"I feel like I'm six months into it," he said. "There are still things that you learn that are different and new. Issues that were not going to come to a head or be timely during my detail I didn't learn anything about. So things now that are going to happen in six months they are definitely briefing me on."

Vandzura said most issues surrounding the Canyon are in progress. Getting up to speed and having a clear understanding on the topics and management decisions is what he is working on. Recently Vandzura attended three public meeting for the revised Backcountry Management Plan. He was impressed by the amount of work that has already gone into the document.

Other areas Vandzura is catching up on include the park's Bison Management Plan, which focuses on shifting from development of a long-term management plan for North Rim bison to initial herd reduction.

Vandzura said the park is working to integrate recent comments into both documents

Another public comment period Vandzura is watching is for the Long Term Environmental Management Plan (LTEMP) of Glen Canyon Dam. Vandzura said having public comments on these upcoming management decisions is a vital part of the decision making process.

"We want public engagement," Vandzura said. "The environmental impact assessment systems can seem very overwhelming but they are very much based on that public comment and engagement. We really want people to engage with us and tell us how they want us to manage their lands."

Another area that would have been under Vandzura's management is the River District in Grand Canyon, which was recently abolished by park Superintendent Dave Uberuaga following sexual harassment and hostile work environment investigations of NPS employees while on the river. Vandzura said Uberuaga's decision to abolish the river district was an important effort to begin to address those issues.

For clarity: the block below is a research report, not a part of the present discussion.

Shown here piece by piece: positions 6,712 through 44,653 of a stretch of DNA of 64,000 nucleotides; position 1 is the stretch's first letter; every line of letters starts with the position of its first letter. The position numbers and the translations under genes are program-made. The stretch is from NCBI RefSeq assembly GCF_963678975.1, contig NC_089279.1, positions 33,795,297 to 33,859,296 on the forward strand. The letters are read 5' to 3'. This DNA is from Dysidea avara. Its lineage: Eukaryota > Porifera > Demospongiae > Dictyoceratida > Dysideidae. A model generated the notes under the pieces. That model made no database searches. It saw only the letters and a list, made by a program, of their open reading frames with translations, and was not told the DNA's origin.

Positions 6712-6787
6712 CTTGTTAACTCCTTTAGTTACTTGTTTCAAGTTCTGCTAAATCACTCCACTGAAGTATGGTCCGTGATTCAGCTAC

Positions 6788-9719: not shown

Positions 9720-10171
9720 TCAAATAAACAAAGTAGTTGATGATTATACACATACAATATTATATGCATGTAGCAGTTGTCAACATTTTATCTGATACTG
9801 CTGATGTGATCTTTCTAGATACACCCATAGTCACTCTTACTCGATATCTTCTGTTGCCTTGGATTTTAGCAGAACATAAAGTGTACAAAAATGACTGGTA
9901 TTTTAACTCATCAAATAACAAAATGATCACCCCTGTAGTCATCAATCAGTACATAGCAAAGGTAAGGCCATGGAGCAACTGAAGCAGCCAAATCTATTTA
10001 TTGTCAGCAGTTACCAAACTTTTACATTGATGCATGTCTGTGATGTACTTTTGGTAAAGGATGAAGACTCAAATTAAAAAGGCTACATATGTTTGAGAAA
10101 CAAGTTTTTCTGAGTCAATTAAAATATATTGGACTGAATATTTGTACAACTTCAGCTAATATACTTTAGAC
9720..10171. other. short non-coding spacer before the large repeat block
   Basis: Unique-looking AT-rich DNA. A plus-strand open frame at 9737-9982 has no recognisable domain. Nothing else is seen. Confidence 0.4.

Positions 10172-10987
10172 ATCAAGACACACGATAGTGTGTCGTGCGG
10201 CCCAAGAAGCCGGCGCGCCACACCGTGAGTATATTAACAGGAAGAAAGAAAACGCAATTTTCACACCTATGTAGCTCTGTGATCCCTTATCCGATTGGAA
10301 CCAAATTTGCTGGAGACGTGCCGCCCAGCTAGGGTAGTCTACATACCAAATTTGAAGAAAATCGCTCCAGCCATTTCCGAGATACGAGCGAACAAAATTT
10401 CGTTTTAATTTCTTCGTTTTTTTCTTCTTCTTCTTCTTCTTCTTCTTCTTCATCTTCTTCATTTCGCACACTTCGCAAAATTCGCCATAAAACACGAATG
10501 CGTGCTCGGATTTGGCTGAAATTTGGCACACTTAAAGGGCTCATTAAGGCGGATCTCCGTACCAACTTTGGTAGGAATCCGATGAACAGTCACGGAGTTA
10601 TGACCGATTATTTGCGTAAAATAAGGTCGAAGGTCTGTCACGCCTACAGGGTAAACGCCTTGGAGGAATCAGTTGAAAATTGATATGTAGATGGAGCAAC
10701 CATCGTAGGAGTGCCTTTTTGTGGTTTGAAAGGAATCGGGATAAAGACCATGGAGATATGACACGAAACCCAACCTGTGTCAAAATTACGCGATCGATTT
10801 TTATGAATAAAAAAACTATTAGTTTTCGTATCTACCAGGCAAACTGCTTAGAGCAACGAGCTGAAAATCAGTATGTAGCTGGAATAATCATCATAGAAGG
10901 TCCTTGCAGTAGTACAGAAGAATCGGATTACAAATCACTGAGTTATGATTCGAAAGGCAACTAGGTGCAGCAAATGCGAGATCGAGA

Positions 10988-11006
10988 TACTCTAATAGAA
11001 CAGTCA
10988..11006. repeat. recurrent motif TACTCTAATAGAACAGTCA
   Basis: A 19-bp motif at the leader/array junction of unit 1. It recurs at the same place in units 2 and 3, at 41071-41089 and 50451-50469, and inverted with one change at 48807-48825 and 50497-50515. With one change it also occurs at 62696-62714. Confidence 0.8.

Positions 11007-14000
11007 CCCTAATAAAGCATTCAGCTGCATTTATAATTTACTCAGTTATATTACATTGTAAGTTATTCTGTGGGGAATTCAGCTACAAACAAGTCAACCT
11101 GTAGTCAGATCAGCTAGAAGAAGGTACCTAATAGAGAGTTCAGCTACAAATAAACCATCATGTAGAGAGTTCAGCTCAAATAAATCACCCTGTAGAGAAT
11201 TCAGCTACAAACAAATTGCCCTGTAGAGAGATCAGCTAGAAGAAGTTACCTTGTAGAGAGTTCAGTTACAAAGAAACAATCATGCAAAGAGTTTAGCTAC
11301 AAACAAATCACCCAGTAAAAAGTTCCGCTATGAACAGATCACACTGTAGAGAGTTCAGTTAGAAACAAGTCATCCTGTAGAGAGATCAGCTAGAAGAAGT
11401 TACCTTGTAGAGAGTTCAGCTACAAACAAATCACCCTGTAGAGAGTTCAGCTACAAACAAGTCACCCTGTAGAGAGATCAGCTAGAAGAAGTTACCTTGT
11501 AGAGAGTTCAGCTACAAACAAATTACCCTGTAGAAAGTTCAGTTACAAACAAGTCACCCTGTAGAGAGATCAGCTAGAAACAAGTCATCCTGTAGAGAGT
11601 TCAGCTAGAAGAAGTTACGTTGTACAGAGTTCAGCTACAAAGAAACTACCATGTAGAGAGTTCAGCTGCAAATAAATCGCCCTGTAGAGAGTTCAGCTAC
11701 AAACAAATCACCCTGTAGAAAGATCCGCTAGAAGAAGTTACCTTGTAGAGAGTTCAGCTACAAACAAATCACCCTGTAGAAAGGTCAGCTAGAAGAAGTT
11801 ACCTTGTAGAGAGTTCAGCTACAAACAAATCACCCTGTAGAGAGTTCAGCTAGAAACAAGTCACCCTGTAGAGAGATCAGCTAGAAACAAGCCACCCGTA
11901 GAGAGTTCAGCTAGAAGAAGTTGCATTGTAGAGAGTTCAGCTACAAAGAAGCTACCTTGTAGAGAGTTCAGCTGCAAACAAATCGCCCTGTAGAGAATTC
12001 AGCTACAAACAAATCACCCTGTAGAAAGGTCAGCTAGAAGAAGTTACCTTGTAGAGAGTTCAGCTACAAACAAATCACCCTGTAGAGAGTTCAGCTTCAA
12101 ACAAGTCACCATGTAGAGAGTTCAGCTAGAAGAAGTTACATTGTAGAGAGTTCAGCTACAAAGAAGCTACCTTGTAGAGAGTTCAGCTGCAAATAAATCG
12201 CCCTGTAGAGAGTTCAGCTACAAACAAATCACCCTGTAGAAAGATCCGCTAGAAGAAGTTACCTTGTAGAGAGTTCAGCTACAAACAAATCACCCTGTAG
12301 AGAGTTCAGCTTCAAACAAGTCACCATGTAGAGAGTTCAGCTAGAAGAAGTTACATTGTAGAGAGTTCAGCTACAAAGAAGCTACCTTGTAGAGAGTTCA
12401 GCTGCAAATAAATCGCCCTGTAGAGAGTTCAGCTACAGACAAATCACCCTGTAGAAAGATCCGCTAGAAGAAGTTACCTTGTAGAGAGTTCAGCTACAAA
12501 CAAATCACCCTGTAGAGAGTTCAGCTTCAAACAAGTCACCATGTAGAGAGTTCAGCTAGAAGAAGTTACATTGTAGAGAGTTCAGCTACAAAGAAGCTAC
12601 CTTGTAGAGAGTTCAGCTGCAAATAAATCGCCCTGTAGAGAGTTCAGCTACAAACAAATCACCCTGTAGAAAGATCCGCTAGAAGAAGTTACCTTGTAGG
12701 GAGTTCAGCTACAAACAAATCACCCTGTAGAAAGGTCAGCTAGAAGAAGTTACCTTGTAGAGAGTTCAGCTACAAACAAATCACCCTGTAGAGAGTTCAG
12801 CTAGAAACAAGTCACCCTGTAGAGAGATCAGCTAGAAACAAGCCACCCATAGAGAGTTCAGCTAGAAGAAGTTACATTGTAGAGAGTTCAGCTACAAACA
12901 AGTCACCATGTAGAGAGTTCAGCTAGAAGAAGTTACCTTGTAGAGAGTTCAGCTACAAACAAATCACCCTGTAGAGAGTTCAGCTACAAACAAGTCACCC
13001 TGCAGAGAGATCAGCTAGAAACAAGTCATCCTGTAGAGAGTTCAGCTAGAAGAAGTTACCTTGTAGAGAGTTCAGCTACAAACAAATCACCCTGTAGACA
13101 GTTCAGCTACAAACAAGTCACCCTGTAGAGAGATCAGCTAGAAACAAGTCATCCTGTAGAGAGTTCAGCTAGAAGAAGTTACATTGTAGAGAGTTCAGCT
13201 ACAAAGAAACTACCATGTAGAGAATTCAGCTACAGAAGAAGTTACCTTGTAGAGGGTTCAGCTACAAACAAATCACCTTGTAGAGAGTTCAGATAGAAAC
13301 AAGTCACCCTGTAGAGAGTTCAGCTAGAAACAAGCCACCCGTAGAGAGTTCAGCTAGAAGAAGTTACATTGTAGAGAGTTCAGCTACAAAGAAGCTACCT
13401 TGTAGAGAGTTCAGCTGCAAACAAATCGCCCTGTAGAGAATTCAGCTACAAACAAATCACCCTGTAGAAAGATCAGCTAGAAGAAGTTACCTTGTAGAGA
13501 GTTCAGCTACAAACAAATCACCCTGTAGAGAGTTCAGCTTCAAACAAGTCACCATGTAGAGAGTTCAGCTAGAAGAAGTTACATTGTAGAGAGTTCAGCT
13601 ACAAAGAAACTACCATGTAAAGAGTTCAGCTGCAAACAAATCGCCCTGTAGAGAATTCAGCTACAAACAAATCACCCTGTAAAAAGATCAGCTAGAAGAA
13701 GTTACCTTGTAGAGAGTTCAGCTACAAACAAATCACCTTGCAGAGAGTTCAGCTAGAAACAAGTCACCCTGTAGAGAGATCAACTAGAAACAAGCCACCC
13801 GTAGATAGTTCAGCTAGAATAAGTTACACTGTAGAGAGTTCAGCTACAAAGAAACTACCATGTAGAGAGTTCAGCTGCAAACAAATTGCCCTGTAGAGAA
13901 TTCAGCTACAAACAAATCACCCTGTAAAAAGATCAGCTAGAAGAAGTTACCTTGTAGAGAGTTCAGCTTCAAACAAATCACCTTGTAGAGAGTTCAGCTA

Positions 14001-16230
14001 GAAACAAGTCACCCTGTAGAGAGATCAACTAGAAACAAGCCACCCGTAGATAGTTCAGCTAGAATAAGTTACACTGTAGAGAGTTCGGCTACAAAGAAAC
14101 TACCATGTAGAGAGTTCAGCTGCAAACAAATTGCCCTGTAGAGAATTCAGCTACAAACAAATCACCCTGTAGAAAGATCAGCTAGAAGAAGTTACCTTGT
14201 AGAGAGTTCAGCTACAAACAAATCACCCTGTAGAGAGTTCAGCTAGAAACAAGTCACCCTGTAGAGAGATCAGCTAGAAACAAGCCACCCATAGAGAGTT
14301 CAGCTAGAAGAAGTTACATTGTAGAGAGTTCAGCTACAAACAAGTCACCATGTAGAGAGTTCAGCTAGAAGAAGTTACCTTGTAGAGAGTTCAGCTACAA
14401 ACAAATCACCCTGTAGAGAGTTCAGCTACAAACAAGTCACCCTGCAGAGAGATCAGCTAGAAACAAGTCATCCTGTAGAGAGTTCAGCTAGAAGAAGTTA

"It's an important issue. We feel very strongly that all employees need to feel comfortable, valued and have a workplace that is free of sexual harassment and any kid of hostility," he said. "By starting over we can truly create a culture from the ground up that values all members of the workforce and eliminates some of the situations that allowed bad behavior to persist without immediate and corrective action."

Vandzura said the abolishment of the park's river district does not mean that commercial and private boaters will be denied access to search and rescue operations and other duties the river rangers oversaw. Figuring out how the park will complete concession evaluations, check on private boaters to ensure their safety and how to monitor natural resources are some areas under review.

"All of these things are just going to be done in a different way," Vandzura said. "Search and rescue is probably a big concern of commercial and private river communities, I can assure them that we will be able to maintain our ability to respond to emergency situations with no change in quantity, quality, and availability."

Vandzura said the park will need to do more frequent and slightly different training to make up for the loss of daily exposure on the river, however, with the scale of Grand Canyon, he said the river district was a very small work unit when responding to emergency calls.

"It wasn't 80 percent of our people, it was always 10 to 15 percent of our response capability," he said.

Vandzura attributes his success at Organ Pipe and other parks to building strong working relationships and ongoing agency cooperation. He hopes to build the same kind of trust and relationships at Grand Canyon.

"These (issues) are some things that are very interesting, challenging and engaging about Grand Canyon, those very large, very complex issues that take a lot of input from all of our stakeholders, our cooperators and brining all those people together so we can have the best decisions we can make," he said. "It's fun to get people together, as long as we're arguing productively and not arguing to argue and can disagree without being disagreeable - I think that's what will bring us to good solutions."